Even Mr. Trump’s daughter Ivanka Trump, in a superficially supportive tweet on Friday morning, made no claims of fraud or election theft.
“Every legally cast vote should be counted. Every illegally cast vote should not. This should not be controversial,” Ms. Trump wrote. “This is not a partisan statement — free and fair elections are the foundation of our democracy.”
Her words were a contrast to those of her brothers, Donald Trump Jr. and Eric Trump, who have both made sweeping accusations of widespread fraud. Earlier in the morning, Donald Trump Jr. tweeted the groundless claim that there is “infinitely more evidence of voter fraud than there ever was of ‘Russia Collusion’ but strangely no one in the media wants to look into it.”
Ms. Trump’s position also echoed one on Thursday evening from Vice President Mike Pence, shortly after the president spoke, which also did not include talk of conspiracy or fraud.
“I Stand With President @realDonaldTrump. We must count every LEGAL vote,” Mr. Pence tweeted.
Mr. Trump’s former national security adviser John R. Bolton, who since his acrimonious departure from the White House last summer has become a Trump critic, indirectly condemned his former boss without mentioning his name.
“Republicans are facing a character test,” Mr. Bolton wrote on Twitter. “All candidates are entitled to pursue appropriate election-law remedies if they have evidence supporting their claims. They should certainly not lie. The first Republican president was called ‘Honest Abe’ for a reason.”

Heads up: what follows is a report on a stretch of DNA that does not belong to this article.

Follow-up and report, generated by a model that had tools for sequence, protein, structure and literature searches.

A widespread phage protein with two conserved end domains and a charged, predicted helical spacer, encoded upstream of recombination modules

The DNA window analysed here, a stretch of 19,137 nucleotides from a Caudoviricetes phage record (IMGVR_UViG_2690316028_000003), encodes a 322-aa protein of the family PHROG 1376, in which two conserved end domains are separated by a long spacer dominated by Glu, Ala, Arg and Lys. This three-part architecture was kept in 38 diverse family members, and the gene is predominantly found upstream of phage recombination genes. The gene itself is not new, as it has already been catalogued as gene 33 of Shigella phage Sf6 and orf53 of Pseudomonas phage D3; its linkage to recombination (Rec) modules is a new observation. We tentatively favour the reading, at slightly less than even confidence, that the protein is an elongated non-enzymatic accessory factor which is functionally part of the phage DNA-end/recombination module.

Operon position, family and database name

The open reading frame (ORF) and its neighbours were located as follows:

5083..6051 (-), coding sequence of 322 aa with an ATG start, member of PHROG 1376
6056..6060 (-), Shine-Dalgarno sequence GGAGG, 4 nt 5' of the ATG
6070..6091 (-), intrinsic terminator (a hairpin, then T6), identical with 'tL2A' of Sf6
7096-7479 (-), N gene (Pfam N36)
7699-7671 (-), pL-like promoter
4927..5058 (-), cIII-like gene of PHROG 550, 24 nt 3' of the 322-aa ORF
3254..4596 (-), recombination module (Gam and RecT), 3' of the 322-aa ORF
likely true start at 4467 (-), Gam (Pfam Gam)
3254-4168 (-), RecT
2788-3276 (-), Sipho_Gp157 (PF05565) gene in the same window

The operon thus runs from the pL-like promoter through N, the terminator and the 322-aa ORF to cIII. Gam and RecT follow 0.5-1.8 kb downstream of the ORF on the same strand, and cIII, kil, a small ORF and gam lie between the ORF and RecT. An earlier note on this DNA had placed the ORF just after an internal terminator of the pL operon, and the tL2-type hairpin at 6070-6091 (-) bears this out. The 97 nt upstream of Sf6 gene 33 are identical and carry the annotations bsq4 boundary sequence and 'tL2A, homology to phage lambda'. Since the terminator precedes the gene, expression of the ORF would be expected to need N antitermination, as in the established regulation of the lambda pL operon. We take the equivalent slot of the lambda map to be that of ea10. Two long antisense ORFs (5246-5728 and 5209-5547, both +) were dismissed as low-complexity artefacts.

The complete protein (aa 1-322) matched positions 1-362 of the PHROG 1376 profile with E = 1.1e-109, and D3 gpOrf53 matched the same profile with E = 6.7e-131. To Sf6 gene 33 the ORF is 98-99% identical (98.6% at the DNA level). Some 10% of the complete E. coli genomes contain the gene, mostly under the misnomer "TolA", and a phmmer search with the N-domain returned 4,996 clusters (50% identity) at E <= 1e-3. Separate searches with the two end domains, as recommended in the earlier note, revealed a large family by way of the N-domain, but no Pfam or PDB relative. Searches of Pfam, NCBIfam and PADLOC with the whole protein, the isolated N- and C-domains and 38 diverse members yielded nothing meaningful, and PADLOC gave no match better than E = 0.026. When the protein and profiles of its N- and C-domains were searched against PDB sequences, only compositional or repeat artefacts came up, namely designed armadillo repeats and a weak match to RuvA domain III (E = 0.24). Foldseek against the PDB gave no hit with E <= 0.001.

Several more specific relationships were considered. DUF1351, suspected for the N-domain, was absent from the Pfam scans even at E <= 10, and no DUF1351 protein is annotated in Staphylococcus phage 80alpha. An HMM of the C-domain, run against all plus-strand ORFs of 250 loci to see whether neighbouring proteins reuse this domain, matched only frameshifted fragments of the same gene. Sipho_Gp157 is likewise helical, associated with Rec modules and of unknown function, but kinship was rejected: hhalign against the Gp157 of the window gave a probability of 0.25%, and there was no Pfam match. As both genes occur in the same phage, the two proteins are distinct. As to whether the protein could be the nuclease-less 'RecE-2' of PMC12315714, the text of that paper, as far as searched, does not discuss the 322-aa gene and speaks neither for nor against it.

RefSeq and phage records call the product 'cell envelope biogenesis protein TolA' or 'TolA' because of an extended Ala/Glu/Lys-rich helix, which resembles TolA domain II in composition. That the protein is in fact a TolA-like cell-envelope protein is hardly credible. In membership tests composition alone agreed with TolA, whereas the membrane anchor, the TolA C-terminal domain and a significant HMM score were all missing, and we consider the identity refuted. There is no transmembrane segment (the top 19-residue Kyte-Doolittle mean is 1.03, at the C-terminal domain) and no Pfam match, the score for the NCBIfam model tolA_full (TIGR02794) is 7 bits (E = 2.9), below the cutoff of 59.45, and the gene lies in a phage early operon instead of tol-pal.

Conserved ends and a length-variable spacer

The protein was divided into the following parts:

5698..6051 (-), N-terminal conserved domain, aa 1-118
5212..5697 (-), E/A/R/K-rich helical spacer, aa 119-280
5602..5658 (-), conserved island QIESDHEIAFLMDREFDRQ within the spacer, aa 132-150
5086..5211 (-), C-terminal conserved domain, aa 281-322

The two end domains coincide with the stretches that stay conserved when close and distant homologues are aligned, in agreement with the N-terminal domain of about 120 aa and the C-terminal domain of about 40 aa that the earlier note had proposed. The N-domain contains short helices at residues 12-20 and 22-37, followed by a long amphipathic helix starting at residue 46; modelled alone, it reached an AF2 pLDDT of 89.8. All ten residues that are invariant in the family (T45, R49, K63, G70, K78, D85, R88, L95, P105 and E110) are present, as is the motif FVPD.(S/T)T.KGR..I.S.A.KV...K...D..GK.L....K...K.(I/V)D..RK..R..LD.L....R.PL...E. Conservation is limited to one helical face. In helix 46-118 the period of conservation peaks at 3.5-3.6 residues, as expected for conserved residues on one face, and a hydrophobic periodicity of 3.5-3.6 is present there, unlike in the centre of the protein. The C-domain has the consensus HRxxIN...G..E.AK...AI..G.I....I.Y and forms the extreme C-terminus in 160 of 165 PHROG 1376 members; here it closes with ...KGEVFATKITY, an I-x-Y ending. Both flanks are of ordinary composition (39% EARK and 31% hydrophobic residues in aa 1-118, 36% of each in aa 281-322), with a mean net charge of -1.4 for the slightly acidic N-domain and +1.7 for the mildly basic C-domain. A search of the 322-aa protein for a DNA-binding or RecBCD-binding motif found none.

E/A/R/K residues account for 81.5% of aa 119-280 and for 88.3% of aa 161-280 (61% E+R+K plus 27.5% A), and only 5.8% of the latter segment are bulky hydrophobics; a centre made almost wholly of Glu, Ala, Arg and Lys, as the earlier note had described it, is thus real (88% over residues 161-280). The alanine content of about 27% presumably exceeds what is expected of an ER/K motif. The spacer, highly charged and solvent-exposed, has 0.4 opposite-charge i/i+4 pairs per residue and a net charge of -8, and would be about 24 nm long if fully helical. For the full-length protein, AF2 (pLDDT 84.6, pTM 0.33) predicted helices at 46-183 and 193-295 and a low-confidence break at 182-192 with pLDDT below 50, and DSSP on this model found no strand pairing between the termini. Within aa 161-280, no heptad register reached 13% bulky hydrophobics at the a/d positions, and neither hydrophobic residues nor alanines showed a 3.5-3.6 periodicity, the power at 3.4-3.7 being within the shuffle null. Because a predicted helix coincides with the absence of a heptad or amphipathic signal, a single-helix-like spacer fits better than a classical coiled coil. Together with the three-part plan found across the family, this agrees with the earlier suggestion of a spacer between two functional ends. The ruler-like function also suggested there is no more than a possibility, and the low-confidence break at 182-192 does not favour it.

The statements on Friday followed a wave of Republican reaction on Thursday night, including some defenses of Mr. Trump.
“I don’t trust Philadelphia,” the newly re-elected Senator Lindsey Graham of South Carolina said, also on Fox News, referring to the city where voters overwhelmingly chose Mr. Biden, helping eliminate Mr. Trump’s early lead. “I’m here tonight to stand with President Trump,” he said, echoing Mr. Trump’s claim that “mainstream” pollsters had inflated Democratic numbers to “suppress Republican votes.”
But many more senior Republicans were at least indirectly critical of Mr. Trump, even after Mr. Trump’s son and former campaign manager publicly complained that more Republicans were not stepping forward to defend the embattled president.
“Counting every vote is at the heart of democracy,” Mr. Romney wrote the night before his more forceful statement on Friday.
“There is no defense for the President’s comments tonight undermining our Democratic process,” tweeted Gov. Larry Hogan of Maryland, a Republican and frequent Trump critic. “No election or person is more important than our Democracy.”
Several Republicans noted the absence of any specific evidence of substantive wrongdoing.
“If a candidate believes a state is violating election laws they have a right to challenge it in court & produce evidence in support of their claims,” tweeted Senator Marco Rubio of Florida, who reposted a message from Wednesday in which he said, “Taking days to count legally cast votes is NOT fraud. And court challenges to votes cast after the legal voting deadline is NOT suppression.”
Without naming Mr. Trump, Representative Adam Kinzinger of Illinois tweeted that “if you have legit concerns about fraud present EVIDENCE and take it to court. STOP Spreading debunked misinformation.”
“This is getting insane,” he added.